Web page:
You should see Cav's figures for a 10s sprint
> '6.4 to 6.5 W/kg. Over 16 minutes, that's not at all unreasonable'
> but then claims:
> ' sustained power output of above about 6.1 W/kg on the longer (40 min or more) climbs is not physiologically 'plausible'.
that estimate may be slightly high given the time difference between him and Jani who was recorded at 5.8, but even so, as they point out its a short climb so not unreasonable in those circumstances.
Its stuff over 6wpk over a prolonged period that is an issue, such as a big mountain day climbing 2/ 3/ 4 major climbs/ passes, particularly on the last climb of such a day.
> Are Sky the Scientologists of Cycling? First G Thomas and his stupid endorsement of those BioFlow bracelets and now Dowsett:
I can understand why riders may think this sort of thing, based on the reality of life in the peloton at the time, but to come out with it publicly is something else altogether.
> oh dear.
> I can understand why riders may think this sort of thing, based on the reality of life in the peloton at the time, but to come out with it publicly is something else altogether.
Most sportsmen these days either don't know when to, or simply can't keep their gobs shut.
Yep, there was a very good Radio 4 programme this July that interviewed the (South African IIRC) scientist who had done the research. Google or the BBC search function might track it down for you. It's a regular programme on statistics on Sunday nights I think.
fair enough, thats not in dispute and is an obvious perspective.
if I was DB I wouldnt really want to be telling the whole peloton what my training data was though either.
My view on it is the same as it always has been, Im prepared to believe in most reasonable performances until someone shows me good reasons why I shouldnt. My view on SKY, based on the data available, is that their performances are reasonable within an historical and contemporary context.
In the case of LA, for years I rated him, although I didnt follow the sport as closely as I did before and since because it became a little dull, and I was prepared to give him the benefit of the doubt. But more recently data, information generally and testimony has become more widely available via the internet, and that has enabled peoples opinion to be more informed and change as a result.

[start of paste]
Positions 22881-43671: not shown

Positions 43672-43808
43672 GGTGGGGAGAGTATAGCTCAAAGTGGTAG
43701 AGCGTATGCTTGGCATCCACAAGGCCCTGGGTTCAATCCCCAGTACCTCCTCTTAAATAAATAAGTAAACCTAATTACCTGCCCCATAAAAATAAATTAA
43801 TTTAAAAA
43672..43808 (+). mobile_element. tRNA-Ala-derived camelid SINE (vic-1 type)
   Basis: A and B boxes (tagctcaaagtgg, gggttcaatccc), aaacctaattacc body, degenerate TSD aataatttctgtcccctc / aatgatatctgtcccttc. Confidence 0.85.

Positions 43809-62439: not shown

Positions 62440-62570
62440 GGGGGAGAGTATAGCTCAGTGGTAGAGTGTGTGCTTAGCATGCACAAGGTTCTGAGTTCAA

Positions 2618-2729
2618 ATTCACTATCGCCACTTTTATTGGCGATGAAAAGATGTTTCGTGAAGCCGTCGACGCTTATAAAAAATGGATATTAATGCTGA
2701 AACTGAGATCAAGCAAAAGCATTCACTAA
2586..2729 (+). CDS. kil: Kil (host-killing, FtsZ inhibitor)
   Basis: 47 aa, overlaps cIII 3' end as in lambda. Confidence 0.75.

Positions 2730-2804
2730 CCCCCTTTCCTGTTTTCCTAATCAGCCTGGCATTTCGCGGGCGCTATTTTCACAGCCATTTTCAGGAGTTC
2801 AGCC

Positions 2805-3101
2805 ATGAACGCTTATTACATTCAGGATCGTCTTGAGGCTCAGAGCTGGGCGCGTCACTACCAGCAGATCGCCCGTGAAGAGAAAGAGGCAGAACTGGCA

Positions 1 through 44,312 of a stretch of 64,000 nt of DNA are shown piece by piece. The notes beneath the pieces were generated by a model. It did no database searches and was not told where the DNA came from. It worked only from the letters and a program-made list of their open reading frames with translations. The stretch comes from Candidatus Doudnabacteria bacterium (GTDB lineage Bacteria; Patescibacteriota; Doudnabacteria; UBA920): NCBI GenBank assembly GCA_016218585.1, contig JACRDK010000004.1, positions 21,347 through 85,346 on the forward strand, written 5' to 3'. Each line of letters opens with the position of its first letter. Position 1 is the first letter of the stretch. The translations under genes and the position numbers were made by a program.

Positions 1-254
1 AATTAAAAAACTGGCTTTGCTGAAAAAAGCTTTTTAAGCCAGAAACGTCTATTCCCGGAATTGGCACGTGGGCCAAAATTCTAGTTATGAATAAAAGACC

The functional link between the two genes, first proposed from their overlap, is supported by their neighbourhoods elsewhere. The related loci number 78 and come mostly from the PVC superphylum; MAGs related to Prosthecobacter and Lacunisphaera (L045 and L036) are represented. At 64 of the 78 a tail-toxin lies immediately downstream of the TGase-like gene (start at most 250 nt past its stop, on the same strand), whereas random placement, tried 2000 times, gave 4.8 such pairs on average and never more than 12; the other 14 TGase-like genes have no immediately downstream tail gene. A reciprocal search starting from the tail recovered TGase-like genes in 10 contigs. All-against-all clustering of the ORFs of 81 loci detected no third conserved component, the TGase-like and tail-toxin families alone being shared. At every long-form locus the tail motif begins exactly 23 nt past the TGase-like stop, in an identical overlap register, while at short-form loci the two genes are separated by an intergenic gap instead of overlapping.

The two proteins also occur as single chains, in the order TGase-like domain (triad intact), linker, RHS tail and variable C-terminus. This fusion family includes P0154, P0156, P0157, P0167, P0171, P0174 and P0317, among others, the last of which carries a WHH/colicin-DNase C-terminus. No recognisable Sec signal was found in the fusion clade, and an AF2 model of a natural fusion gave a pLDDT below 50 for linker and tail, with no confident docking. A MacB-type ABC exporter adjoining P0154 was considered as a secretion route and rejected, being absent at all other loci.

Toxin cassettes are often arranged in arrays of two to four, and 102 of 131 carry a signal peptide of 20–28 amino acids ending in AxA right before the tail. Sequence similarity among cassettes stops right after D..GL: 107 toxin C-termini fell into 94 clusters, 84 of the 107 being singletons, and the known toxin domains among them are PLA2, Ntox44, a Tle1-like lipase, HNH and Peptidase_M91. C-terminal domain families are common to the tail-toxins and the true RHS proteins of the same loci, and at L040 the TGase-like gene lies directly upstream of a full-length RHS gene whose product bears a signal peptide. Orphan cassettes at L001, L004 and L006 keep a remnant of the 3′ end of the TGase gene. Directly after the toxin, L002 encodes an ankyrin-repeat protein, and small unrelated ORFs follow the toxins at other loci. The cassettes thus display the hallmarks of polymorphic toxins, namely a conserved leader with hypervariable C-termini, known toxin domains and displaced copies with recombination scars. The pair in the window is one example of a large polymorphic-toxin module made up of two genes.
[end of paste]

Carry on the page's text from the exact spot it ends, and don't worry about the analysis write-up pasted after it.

I think the mistake with believing in Lance was to assume that the improvements in performance were just that, compared to the 70s/80s (all sports improved considerably in the same period in terms of athletic ability), rather than drug related. They seemed in the beginning to be "possible" in contemporary context to me. I would admit though that I didnt know that they still couldnt be tested for EPO at the time, even post festina.
> Most sportsmen these days either don't know when to, or simply can't keep their gobs shut.
I think the UCI lost the chance to get a grip on organised, systematioc doping when they stood back and let the Gewiss team win pretty much all the Classics and GC stages.
It was clear they were all on something, somthing that was a step up from the rather shambolic team doping undertaken by PDM previously.
This was not a bit of cortisone and testosterone which had been usedin the 80's - it was the start fo team wide, medically supervised doping - a seismic shift in professional cycling (and possibly wider sport).
I also hope to see other sporting bodies looking at themselves inthe cold light of day.
I wonder how my "favourite" Spanish tennis player's knees are right now?
doubtless that will come back to bite me on the ass in 5 years time...
thats what the blood passports etc are aimed to catch. Its never going to be perfect but considering the "poorer" performance in this years tour de france etc there does seem to be a change.
Agreed - but the old 50% limit was a green light to dope, just make sure you're not Mr 51 when the testers call.
Interesting how the US forums are taking this. It's all strawmen and digs at Obama. Wierd.
In fact, some of the stuff on CNN and the Mail here ranks alongside Young Earth Creationism for denial in the face of overwhelming evidence.
Genius. The USADA conceded that he is phenomenal at taking drugs.
> Genius. The USADA conceded that he is phenomenal at taking drugs.
"[The tour] is just a cloud the colour of time"
What we need is a picture of JS on a US Postal Replica
I've got a job lot of yellow Livestrong wristbands if anyone is interested.
Only problem - the letter V is missing.